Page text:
I hit adolescence right around the turn o’ the ‘80s, and it was a very strange time for kids’ movies, or at least movies that creatives thought kids would like – and after the success of the Clint Eastwood megahit Every Which Way but Loose (1978), that usually meant a film with some sort of simian featured in it. After that (plus a sequel), we were treated to Going Ape (’81), a Tony Danza starrer that featured orangutans just like Clint’s, and of course TV had BJ and the Bear (’78-’81). There are others, but let’s be clear: most films that stop cold to feature an animal aren’t worth the droppings they leave behind. This brings us to Carnival Magic (1983), one of B-movie legend Al Adamson’s final features and his first of two stabs at a family film. Leave it to Severin Kids’ line to spring it on an unsuspecting Blu-ray audience. It is something else. 

“Something else” would be a smidgen of an understatement; it’s fair to say that the G-rated Carnival Magic is the most thematically adult “kids” film I’ve ever seen. Other than Alex the chimp (oh we’ll get to him, I promise), this film holds nothing more than the allure of compromised dreams and misbegotten reality. Plus, domestic violence. Grab your popcorn!

Markov the Magnificent (Don Stewart – Guiding Light) is a sad and lonely magician in a traveling circus; he is constantly at was with the jealous lion trainer Kirk (Joe Cirillo – Splash), and just hasn’t been the same since his wife died. Kirk conspires to get rid of Markov, and the carnival’s owner Stoney (Mark Weston – Shamus, and also this film’s screenwriter) agrees. Enter carnie and Stoney’s adopted daughter Ellen (Jennifer Houlton – The Doctors), who discovers that Markov has a talking chimpanzee, Alex, and convinces Stoney to keep Markov on and incorporate Alex into the act. Once again the carnival is back on top, but a greedy scientist teams up with Kirk to get rid of Markov and Alex. Will they succeed? Hijinks ensue!

Hijinks, you say? Well, the back half of Carnival Magic is loaded with them: Alex steals a car with a buxom blonde in the backseat and mostly mumbles “hmm, yeah, sure” whenever he speaks. As for Markov, when he isn’t moping around grieving the loss of his wife, he’s busy performing actual telepathy and levitation and as a bonus, acting as the carnival’s de facto guru/proprietor of first draft Hallmark card wisdom. Meanwhile Ellen the eternal tomboy, in her baggy t-shirts and ball caps, learns to find the young woman blossoming inside when she falls in love with the carnival’s PR guy. Dresses and makeup for her from now on, with the lesson being that it really is what’s on the outside that counts. Oh, and Kirk is an alcoholic who beats his lady every chance he gets.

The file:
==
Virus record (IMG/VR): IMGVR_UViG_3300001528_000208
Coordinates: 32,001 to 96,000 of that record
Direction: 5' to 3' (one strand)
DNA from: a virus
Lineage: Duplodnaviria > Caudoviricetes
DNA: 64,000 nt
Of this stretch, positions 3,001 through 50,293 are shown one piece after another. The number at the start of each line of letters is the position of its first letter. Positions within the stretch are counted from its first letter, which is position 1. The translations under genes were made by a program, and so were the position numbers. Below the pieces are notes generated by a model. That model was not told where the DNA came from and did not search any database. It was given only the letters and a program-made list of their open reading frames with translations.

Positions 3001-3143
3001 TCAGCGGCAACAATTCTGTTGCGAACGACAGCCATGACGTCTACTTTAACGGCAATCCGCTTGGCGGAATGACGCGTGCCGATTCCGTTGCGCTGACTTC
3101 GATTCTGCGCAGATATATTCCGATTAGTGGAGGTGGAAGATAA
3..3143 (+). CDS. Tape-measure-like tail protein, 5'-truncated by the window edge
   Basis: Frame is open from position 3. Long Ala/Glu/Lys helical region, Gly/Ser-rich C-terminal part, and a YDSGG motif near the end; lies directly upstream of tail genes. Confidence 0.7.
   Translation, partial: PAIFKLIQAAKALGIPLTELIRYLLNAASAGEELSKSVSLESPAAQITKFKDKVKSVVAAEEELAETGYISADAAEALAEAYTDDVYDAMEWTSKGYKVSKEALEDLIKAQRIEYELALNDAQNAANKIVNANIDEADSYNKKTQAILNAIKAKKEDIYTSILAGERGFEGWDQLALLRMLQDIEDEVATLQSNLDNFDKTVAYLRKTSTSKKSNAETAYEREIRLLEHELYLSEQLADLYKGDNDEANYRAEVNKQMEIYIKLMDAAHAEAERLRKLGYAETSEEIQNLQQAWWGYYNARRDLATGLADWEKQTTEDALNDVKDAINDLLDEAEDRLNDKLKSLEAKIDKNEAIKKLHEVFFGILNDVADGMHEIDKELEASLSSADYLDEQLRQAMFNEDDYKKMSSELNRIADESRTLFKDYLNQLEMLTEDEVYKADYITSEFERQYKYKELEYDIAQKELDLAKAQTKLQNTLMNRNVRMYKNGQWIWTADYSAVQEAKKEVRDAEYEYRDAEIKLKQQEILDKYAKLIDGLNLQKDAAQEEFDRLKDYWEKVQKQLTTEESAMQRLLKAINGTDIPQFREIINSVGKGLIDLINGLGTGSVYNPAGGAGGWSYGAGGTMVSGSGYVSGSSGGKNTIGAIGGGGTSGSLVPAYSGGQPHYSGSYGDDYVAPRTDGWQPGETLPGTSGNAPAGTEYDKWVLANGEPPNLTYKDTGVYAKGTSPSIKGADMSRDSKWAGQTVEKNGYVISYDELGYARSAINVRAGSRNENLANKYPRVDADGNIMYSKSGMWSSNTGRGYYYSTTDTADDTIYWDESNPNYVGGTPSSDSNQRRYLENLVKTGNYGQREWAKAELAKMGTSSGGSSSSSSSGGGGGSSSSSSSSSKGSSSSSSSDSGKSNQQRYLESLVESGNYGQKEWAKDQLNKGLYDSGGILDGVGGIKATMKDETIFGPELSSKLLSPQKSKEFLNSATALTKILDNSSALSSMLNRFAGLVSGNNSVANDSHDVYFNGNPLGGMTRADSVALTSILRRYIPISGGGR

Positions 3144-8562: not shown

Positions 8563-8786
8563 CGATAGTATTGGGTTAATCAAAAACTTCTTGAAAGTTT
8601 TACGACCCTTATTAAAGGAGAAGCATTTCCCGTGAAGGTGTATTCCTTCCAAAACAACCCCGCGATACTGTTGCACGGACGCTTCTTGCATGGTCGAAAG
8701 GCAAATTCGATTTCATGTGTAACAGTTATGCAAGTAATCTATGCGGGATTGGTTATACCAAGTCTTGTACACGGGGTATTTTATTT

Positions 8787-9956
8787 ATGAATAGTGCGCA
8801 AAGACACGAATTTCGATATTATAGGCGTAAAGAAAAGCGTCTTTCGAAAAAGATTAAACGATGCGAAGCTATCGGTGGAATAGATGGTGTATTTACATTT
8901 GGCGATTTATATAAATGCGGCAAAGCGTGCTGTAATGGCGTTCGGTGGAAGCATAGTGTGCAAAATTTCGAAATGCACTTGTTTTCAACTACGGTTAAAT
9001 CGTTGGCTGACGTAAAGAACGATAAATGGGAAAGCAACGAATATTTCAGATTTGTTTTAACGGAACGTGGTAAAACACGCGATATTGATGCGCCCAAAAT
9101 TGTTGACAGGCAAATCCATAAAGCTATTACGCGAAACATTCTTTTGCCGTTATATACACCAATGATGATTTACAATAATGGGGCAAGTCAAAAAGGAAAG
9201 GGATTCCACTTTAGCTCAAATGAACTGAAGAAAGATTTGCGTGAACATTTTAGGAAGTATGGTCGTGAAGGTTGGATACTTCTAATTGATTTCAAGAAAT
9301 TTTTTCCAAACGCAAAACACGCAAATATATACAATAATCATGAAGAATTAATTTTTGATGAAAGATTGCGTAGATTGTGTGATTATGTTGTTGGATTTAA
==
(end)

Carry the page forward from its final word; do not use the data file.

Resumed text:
Okay, none of it really could be considered hijinks (well maybe Alex’s carjacking scene), but that’s the feeling it’s supposed to relay to youngsters watching for the first time. If there were any. Carnival Magic played for a couple weeks and then completely disappeared from the marketplace for nearly 30 years – and it’s easy to see why; what kid on earth would like this?

As it turns out, it was made by adults who grew up with kids’ movies, but had no understanding of them. The only lesson taught applies to Markov and his eventual romance with Kate, played by Adamson’s wife and frequent muse, Regina Carrol. While ‘it’s never too late to find happiness’ is a good message, an 8 year old is going to have a helluva time applying it to their life. However, he or she will know what an abusive partner really looks like. 

But hey, what about the chimp? That must be good for some chuckles, yes? Ironically, sure; as I’ve said, monosyllabic responses are mostly what you get, agreeances to simple questions asked. Would the film work better if Alex was given more to do and say and the grownups took a backseat? Of course. Who else is there for children to relate to?

What I’m discovering as I dive (sink?) further into the Adamsonverse is this: every film I’ve watched so far has surprised me. In good ways, yes; I’m no longer at a tender age, and there is something to be said for his cockeyed visions that I appreciate now more than I ever could. 


A Boon To Science - A Critical Appreciation by Zack Carlson & Lars Nilsen

Audio Commentary with Producer Elvin Feltner

Outtakes, TV Spot, and Trailer

Keeping in line with Severin’s recent penchant for giving Adamson’s fans more than they asked for, you also get Lost (1983), another kids’ flick and Adamson’s final completed project before retiring to the greener pastures of real estate. I haven’t seen Lost yet, but if it’s in a similar vein I’m all in. The chat between Carlson & Nilsen is light and informative, and the commentary with Feltner gets down to the nuts and bolts of the operation. A lot is crammed onto this disc, and Carnival Magic takes you right to the crack of the ‘80s with a fine print and decent audio. (It isn’t like this made the rounds for decades; this film was a definite warehouse widow.)

Even if one puts aside the notion that it was intended for family audiences, Carnival Magic is a strange little ride. Is it appropriate for children? I don’t know. Asking if it’s appropriate for anyone would be a better question. (You already know my answer.)

Movie Score: 4/5, Disc Score: 4/5

  • Scott Drebit
    About the Author - Scott Drebit

    Scott Drebit lives and works in Calgary, Alberta, Canada. He is happily married (back off ladies) with 2 grown kids. He has had a life-long, torrid, love affair with Horror films. He grew up watching Horror on VHS, and still tries to rewind his Blu-rays. Some of his favourite horror films include Phantasm, Alien, Burnt Offerings, Phantasm, Zombie, Halloween, and Black Christmas. Oh, and Phantasm.

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